Forró on loudspeakers, Senhor do Bonfim tapes on trees, tiled floors and walls lined with shelves with cachaça transport the Macaxeira restaurant audience to the Northeast.
Like other large northeastern houses in São Paulo, such as Mocotó and Nação Nordestina, Macaxeira is far from the traditional gastronomic axis of São Paulo: the restaurant takes up an entire block from Emília Marengo street, the busiest in the Anália Franco region, on the east side.
The house has some specialties, such as exquisite caipirinhas, dry cracklings and moist baião de two. But what is really unmissable is the local Achado: a portion of chicken gizzards cooked in a sauce, with cherry tomatoes, pepper and bacon, which costs R$ 34.90 and is served with bread.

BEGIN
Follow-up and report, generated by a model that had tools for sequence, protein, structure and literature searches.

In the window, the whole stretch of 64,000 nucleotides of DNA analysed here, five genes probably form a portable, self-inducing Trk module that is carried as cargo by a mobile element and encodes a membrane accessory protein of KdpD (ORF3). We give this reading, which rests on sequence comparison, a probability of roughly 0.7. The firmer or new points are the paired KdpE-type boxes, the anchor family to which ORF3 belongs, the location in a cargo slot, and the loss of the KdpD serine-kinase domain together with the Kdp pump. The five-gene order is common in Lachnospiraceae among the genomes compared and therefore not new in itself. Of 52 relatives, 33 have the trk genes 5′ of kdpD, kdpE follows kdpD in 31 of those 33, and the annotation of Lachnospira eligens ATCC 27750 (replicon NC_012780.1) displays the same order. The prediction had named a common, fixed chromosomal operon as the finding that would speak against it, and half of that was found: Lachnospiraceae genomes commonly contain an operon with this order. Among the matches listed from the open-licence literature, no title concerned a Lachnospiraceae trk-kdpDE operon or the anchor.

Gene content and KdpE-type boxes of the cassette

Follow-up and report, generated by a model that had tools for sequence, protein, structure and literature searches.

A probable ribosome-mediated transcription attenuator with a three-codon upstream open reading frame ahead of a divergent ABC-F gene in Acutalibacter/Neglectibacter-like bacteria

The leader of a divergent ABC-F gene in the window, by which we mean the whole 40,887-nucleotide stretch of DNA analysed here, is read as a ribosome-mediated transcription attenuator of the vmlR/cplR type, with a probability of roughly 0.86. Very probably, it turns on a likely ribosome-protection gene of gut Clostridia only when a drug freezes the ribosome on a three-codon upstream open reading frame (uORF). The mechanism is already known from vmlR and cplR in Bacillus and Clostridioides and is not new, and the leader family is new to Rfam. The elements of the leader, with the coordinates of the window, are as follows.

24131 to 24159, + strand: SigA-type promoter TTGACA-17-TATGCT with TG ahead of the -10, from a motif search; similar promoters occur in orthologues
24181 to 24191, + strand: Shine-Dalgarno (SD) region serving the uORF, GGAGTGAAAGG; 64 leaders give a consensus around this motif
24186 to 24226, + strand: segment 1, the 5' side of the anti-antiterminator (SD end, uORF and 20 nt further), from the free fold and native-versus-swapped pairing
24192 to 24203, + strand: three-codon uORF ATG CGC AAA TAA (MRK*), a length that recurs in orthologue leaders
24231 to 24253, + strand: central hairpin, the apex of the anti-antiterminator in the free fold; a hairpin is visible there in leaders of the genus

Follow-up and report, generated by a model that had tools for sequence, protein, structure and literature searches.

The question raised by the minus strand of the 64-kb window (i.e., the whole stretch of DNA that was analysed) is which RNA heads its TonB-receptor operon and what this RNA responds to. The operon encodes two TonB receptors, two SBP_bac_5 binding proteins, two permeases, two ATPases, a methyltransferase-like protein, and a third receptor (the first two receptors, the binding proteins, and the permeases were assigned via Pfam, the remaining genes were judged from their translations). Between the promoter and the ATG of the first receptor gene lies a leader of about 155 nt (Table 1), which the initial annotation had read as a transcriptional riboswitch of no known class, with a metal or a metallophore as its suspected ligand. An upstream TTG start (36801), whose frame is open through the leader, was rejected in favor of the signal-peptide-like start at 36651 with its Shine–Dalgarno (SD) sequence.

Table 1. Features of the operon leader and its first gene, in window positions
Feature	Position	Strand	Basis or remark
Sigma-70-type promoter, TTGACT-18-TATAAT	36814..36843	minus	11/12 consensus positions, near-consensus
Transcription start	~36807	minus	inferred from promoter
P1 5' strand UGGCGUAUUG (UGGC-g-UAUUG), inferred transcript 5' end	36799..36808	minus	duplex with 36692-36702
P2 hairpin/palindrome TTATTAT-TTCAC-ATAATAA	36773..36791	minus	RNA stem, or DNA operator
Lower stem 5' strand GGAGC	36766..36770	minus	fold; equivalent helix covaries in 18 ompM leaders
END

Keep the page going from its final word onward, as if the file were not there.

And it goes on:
“For those who like it, I still bring some chopped coriander and chili pepper. Then, yes, it’s complete,” says Vitor Temperani, one of the four cousins who are partners in Grupo Anália, which also includes Uru Mar y Parrilla and a complex of restaurants, all in the same region.
The gizzard arrived on the menu through the hands of Vitor’s brother, Danilo, also a partner. “He worked at a bank and discovered the dish at a restaurant in the neighborhood where we lived, Vila Maria.” The bet on including the recipe in Macaxeira was made blindly to the other cousins, who had never tasted the delicacy before. “Today, for me, it’s the best dish in the restaurant”, declares Vitor. The recipe has been on the menu since the establishment’s first day of operation, in September 2015.
As a main dish, the suggestion is shredded jerked beef with red onion and pulled in bottled butter, which costs R$ 89.90 for two people. The recipe is served with chili pepper, boiled cassava plus roasted pumpkin or roasted banana. To drink, the tip is the new caipirinha Quebra Conceito, made with João Mendes cachaça, Vitória grape, Sicilian lemon and sugar with spices, at a price of R$ 27.90.